• Home
  • /
  • Blog
  • /
  • Boost Year-End Giving: 19 Tips for Your Holiday Party

A significant amount of donors wait until year-end to give to non-profits, and it can be difficult to get their attention and stand out with everyone else asking for their gifts. End of year is also the season to convert prospects in the holiday spirit into new donors.

But the end of the year is also a great time to thank people that gave to your annual fund in the Fall and also to cultivate your Board members to give an end of year present as an additional boost.

People generally have more time off from work, are in an event-attending spirit, and are more likely to go to a cocktail party or an innovative get-together. How do you get them to come to your party over someone else’s? And what do you do at that party, and how do you follow-up to raise dollars afterward? It may even be a good opportunity for a silent auction. It’s the time of year when everyone is shopping for presents!



Use the Venue as Program Marketing for Your End of Year Event

Pick a venue that exemplifies something you are doing well, that you want to show off (an art exhibit or new community center for example). It could be a program or site for which you need funding. You can also use a site of a partner to showcase how connected you have become within the community.

1. If your cause involves art and you have loaned pieces to a corporate office/donor and they have a fantastic reception hall you might have a cocktail reception there.

2. If your non-profit has a children’s program, the kids could make snowflakes or reindeer to decorate a room in your community center or office building.

3. A Board member’s or top donor´s house can be great as well if you can elegantly and creatively tie in the location with your cause and community.

Also read: Nonprofit T-Shirt Design Tips!

Invitation for a Year-End Party

4. Make your invitation a holiday card, preferably with a picture of your venue or a program element for which you are proud.

5. Send it to arrive in houses right before or after Thanksgiving. People tend not to think about the holidays until Thanksgiving, but if you wait too long, they will be inundated with invites.

6. It should sound fun (i.e. Yule and Yum! Come Share Your Holiday Cheer with Us). Decorate it festively and state explicitly that you are not asking for money, you just want to share good food as a thank you to them for all of their past support.

7. Call to follow-up the week before the party.

A Special Thank You

One of the party’s goals is to thank donors or new donor prospects.

8. Your donors might expect at least wine and beer to be served in order to feel like it’s a special event. If you can, serve alcohol and good food, but nothing too expensive which might make it look like you’re wasting donations.

9. Make it a mingling party, with only one 5 minute or less toast by the Executive Director, Board Chair, or host, thanking everyone for being supportive and for coming to the party.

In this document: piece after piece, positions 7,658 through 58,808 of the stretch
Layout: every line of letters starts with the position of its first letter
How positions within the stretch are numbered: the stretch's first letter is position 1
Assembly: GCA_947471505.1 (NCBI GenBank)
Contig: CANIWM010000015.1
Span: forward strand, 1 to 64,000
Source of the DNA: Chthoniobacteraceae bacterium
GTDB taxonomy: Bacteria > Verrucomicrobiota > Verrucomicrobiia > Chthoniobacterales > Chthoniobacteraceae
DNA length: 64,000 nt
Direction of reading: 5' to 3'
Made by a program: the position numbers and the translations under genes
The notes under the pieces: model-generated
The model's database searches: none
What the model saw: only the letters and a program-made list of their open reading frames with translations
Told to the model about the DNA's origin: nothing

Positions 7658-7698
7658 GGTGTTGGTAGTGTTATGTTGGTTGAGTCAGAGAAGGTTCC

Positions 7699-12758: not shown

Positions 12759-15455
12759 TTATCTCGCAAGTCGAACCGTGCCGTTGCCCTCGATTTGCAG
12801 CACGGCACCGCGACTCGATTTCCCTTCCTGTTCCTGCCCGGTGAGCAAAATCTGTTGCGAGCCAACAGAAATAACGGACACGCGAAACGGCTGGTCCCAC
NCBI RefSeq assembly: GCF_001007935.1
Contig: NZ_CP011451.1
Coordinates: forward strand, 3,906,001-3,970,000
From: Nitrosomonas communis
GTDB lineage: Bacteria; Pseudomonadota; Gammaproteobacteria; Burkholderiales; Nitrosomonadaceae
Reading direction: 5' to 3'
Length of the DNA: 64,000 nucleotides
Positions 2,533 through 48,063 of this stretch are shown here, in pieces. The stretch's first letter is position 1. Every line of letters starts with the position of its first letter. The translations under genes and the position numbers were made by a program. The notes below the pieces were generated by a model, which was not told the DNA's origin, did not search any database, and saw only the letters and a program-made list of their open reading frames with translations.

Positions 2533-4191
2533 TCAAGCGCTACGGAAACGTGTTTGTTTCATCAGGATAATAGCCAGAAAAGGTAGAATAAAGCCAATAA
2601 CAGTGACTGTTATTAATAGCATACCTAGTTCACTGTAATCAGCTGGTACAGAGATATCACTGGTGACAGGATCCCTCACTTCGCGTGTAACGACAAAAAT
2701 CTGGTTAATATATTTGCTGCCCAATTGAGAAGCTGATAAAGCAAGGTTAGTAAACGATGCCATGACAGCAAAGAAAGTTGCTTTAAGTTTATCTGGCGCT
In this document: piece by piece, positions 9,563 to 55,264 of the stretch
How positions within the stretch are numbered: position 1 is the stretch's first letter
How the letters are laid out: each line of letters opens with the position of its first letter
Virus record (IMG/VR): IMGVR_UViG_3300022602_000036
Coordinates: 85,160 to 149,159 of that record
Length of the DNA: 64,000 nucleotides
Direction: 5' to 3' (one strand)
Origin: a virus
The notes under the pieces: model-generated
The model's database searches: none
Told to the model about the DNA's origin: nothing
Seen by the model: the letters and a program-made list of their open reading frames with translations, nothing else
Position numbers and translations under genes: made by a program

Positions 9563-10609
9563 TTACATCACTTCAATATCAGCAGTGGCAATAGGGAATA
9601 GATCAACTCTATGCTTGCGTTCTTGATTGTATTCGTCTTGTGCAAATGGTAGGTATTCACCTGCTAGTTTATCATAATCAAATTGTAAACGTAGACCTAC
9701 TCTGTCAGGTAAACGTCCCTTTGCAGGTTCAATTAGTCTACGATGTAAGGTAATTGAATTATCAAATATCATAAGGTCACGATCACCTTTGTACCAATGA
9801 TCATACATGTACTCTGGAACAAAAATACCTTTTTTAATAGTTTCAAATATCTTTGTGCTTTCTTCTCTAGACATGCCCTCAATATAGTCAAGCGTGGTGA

Also read: Sample Thank You For Donation Letter

Keep your Year-End Holiday Party Fun and Short

Make sure that people are having fun!

10. If you need to have two different parties, one for younger donors and one for older, do it if you can.

11. Design the guest list to be a group of people that create good energy together. If you only have a budget for one party, and your group is diverse, break up the event into two separate places at your venue.

12. Hire a band if you can, or pump up the holiday music.

13. Showcase a program element that is fun – i.e. ask a school with which you work to provide a school choir or jazz quartet or use local foods from your community garden for catering.

14. Keep it short! You just want to say thank you and offer a good impression. An hour and a half to two hours is plenty.

Follow up Immediately

Segment the group after the party into end of year asks, beginning of year asks, and everyone else. Ideally, you already had your list put together before the event. Then follow-up.

15. End of year major gift asks get a meeting in the days following the party to see if they will write a check to you or plan a gift. If they do not want to meet, they get a crafted letter in the mail (already written beforehand) within a week of the party thanking them profusely and requesting their end of year support.

16. To those that like to give in the 2nd quarter, from January to March, send a personal card within a week thanking them for coming, from the Executive Director or their favorite staff person.

17. Everyone else gets a letter thanking them and subtly asking them for an end of year present – as an additional gift if they already gave or as a new gift if they have never given.

18. Don’t just send letters! Call everyone 2 or 3 days after you know they got the letters.

19. Letters can be emails for your paper saver donors, but only if you know they read them! With emails, send at least 3. Letters are better though unless the donor specifically has a problem with paper or travels often.

Also read: 5 Ways to Avoid Donor Abandonment

With these tips in mind, you can thank your donors, boost your end of year giving, start your cultivation for the New Year, and have a great time!

{"email":"Email address invalid","url":"Website address invalid","required":"Required field missing"}

Subscribe to our newsletter

And receive fundraising ideas, how-to articles, and tips for a successful campaign!

Enter your email address below and follow the confirmation prompts. You will be able to unsubscribe at any time through a link in any emails.